Some people eat, sleep and chew gum, I do genealogy and write...

Wednesday, December 1, 2010

A stitch in time, in genealogy, saves nine (photographs)

What if you are confronted with a document that is much larger than your scanner's bed? What if you are confronted by a large map hanging on the wall of a library that will not fit in your camera's viewfinder even at its widest angle? All of these issues have been answered and resolved for many years. The issue was recently raised again by The Ancestry Insider in reference to an upgrade to Microsoft's Image Composite Editor. How can I say this gracefully? Well, I can't so here it is: Microsoft is not in the image business and their software is not usually mentioned in the world of composite photographs.

Composite or "stitched" photographs have been in existence almost since the beginning of photography. If you would like to see some of the early attempts at panoramic photography see The Library of Congress' (LOC) Prints and Photograph's division. The LOC has about 4,200 panoramic photos in the online catalog.

Making large either panoramic or composite photographs can be accomplished today either through mechanical photographic means by using specialized cameras and lenses, or by using an ordinary camera and specialized software. If you would like to see how to do it with specialized equipment visit one of many sites such as GigaPan.  Another example of the current world's record for a Gigapixel photo is the huge photo of London on that I mentioned recently in a recent post.

There are any number of programs available to turn your individual photos into a composite. These programs are generally referred to as photo stitching programs and may be free with your camera or cost many hundreds of dollars. One notable program is Canon PhotoStitch, which comes with the purchase of most models of Canon cameras. You can get a free download at Cnet

Another very popular and sophisticated program that does a really good job of photo stitching is the latest version of Adobe's Photoshop, Photoshop CS5. Previous versions also did a good job of photo stitching which Adobe calls "Photomerge."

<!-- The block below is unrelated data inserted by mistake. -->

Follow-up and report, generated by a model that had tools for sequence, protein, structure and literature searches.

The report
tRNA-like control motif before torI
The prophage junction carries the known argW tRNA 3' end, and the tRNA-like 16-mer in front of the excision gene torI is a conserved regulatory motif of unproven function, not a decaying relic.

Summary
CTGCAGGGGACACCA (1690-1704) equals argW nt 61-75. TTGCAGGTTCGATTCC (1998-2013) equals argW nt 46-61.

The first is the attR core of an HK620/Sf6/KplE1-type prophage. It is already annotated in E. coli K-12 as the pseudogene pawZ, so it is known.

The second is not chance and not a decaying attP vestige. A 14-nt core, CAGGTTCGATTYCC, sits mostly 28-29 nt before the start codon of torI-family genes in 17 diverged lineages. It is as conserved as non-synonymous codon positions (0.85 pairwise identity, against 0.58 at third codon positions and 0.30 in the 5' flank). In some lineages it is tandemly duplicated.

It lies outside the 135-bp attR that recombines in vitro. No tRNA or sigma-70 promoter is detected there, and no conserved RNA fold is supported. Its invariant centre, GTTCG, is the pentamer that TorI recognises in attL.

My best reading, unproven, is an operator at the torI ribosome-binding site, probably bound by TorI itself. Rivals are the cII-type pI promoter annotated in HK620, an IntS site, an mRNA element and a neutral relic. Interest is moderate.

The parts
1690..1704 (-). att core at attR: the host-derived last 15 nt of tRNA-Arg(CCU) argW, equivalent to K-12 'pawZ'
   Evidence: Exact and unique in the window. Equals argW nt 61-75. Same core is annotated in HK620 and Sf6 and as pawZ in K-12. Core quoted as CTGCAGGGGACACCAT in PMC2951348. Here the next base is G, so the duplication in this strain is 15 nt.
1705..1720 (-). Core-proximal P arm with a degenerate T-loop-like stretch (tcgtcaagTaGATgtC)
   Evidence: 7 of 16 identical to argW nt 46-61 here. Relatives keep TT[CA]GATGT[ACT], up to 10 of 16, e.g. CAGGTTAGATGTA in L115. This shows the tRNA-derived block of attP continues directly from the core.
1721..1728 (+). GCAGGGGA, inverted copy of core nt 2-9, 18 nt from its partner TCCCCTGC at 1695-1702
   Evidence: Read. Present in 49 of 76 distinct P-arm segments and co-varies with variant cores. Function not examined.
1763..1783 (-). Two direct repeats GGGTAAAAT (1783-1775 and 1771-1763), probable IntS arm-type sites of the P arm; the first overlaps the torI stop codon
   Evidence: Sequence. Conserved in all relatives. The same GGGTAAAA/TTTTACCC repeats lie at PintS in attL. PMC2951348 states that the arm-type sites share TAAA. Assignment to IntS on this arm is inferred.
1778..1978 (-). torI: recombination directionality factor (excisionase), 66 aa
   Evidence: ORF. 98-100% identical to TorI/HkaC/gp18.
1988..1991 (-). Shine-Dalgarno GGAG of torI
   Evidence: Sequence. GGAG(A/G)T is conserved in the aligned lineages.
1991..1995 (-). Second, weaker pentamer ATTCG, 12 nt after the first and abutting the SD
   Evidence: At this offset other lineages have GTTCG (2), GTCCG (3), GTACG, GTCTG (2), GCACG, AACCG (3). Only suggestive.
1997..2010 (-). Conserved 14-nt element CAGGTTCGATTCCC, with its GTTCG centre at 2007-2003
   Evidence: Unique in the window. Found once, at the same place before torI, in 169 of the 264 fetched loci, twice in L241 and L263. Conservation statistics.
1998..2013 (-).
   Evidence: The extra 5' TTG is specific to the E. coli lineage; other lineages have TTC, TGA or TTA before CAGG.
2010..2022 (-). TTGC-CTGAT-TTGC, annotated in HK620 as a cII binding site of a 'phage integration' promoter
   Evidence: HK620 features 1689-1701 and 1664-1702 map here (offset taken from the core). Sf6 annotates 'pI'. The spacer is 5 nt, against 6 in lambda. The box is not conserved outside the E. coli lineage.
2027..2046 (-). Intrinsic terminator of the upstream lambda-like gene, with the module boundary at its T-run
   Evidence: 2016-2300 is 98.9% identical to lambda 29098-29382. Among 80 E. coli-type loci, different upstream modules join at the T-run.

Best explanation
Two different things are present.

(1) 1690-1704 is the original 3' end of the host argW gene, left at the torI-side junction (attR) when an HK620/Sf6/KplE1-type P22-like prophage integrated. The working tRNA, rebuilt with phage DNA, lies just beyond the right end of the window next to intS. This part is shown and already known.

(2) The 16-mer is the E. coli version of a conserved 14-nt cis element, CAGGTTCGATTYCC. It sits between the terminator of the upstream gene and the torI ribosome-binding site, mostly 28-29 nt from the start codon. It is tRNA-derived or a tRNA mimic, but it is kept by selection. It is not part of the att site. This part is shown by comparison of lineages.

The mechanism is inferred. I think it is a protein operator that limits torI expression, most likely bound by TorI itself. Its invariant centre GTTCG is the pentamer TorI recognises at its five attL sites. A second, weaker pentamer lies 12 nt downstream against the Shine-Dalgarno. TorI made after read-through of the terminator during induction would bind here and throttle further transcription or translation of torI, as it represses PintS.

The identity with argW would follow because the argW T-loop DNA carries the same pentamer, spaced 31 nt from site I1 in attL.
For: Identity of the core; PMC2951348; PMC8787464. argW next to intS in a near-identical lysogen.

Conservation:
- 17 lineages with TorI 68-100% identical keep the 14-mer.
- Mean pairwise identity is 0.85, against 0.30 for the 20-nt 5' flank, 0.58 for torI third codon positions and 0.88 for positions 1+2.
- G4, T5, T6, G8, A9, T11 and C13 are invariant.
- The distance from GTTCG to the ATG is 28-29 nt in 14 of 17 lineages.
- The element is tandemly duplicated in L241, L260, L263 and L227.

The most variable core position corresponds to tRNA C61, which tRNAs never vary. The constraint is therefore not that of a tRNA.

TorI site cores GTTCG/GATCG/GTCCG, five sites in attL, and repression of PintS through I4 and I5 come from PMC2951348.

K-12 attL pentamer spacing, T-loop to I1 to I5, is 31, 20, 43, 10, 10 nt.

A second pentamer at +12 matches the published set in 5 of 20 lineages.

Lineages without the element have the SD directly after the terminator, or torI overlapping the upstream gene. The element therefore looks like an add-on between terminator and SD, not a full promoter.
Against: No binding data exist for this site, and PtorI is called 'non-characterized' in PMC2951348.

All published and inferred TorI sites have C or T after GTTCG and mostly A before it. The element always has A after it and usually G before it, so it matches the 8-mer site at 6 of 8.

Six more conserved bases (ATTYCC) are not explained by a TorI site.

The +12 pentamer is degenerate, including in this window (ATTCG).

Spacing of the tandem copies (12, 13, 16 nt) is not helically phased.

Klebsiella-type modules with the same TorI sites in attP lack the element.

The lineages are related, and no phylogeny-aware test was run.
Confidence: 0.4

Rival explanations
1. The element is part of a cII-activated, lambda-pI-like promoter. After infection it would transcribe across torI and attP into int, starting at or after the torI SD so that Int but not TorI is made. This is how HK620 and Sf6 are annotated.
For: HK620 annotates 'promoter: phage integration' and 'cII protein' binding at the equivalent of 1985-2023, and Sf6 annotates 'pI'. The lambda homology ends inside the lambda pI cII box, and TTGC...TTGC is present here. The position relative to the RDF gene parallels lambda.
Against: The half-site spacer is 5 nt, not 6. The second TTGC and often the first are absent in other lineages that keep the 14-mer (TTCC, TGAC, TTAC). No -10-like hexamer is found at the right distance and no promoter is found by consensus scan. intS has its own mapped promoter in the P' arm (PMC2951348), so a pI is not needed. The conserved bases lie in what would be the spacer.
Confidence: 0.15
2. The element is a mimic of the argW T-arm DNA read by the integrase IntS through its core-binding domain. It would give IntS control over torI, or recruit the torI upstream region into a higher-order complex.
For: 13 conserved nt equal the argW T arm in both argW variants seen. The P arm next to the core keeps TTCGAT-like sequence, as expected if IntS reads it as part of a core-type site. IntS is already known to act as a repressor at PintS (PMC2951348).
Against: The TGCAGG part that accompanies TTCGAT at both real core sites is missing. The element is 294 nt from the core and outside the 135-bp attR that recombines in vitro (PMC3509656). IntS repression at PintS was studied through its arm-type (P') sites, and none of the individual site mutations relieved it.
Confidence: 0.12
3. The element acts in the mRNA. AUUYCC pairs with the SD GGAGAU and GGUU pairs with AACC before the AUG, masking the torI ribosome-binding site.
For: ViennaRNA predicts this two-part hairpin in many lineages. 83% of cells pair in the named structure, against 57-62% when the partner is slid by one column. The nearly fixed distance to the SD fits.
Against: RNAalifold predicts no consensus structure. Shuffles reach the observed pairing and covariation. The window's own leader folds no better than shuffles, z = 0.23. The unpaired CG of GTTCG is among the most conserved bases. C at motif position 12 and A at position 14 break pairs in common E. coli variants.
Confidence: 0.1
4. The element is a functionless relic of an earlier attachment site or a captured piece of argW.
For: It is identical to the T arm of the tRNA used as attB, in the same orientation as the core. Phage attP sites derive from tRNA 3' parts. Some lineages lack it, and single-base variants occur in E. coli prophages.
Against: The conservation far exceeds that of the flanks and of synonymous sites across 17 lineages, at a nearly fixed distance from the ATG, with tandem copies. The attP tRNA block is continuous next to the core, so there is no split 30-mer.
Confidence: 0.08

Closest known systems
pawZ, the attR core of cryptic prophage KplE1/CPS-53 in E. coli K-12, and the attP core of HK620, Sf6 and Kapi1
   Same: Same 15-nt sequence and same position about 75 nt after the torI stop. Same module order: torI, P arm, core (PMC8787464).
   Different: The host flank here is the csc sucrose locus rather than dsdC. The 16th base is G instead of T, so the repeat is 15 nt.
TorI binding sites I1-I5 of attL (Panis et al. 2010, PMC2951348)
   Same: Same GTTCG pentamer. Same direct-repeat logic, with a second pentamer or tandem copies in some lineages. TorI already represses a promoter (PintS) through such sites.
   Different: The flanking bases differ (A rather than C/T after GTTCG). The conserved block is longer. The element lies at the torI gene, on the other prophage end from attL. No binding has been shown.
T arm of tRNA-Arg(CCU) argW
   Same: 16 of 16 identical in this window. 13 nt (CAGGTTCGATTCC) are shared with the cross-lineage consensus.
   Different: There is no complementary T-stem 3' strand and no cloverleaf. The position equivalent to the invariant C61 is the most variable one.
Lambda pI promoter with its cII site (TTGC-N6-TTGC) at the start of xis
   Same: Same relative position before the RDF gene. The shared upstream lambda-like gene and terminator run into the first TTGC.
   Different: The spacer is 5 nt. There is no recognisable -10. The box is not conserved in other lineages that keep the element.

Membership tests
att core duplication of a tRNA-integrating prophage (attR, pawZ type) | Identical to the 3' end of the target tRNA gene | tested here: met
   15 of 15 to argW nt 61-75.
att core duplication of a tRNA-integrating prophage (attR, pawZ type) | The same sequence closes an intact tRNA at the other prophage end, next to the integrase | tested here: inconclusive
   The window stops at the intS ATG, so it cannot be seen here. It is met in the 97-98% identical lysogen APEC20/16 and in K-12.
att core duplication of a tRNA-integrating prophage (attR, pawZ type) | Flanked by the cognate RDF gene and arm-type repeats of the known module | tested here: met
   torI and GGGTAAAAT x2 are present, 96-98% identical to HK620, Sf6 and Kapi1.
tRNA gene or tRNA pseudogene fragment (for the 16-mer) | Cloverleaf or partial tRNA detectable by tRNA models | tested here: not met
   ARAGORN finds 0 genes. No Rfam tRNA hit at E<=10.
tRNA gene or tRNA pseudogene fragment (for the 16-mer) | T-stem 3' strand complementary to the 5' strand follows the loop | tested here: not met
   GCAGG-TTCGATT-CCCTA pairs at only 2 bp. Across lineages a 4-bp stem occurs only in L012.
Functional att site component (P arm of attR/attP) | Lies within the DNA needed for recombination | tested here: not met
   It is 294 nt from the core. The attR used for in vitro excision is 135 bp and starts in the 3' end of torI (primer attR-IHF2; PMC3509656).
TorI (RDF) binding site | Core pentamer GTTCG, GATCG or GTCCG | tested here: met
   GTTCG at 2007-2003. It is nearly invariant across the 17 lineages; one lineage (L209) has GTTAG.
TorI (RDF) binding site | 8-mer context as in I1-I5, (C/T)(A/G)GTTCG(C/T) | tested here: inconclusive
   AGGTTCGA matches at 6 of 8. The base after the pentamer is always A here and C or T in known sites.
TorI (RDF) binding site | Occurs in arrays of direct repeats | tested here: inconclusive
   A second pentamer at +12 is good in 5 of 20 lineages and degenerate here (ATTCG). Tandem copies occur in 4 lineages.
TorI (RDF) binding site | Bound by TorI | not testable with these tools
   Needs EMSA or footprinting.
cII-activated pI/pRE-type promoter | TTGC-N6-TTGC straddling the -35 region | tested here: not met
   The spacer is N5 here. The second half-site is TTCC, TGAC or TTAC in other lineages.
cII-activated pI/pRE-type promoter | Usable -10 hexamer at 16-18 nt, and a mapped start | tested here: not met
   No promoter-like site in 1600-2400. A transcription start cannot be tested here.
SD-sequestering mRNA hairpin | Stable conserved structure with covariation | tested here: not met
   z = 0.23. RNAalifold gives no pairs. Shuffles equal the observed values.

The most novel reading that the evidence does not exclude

I use some dedicated programs that do a wonderful job of making composites while adjusting the exposure and to some extent, the distortion. I can recommend PTGui Pro and Pano2VR. If you want some basic instruction in how to make composite (stitched) photos go to the PTGui website for links to instructional tutorials.

I have been taking composite photos since the early 80s when I was asked to produce a composite of a proposed road grade for a highway development by an engineer. At the time, the computer software available was very limited, but by manually stitching the photos together we were able to produce an acceptable composite. The problems posed by The Ancestry Insider have long since been resolved. This is not an area that the non-photographer non-computer person is going to be successful in initially, as it takes a pretty high degree of both photographic and computer skills to make really good composites. But if all you need to do is get the information, almost anyone can get a very good stitched photo using either Canon's software or similar products.

I could go on and on, and probably will in the future, now that I have gotten started in one of my specialized areas of knowledge. In all fairness, I should probably disclose that I have been in the graphic design and photography business, including making composites, for about 25 years (in addition to my law practice).


  1. Thanks so for this. Keep 'em coming. I'm struggling with how to digitize a large collection of large, fragile documents and have yet to settle on an approach. Your input is most helpful!

  2. I use Photoshop Elements, which still uses photomerge. It does a pretty decent job, IMHO.

  3. You must try Hugin... it's a nice piece of software.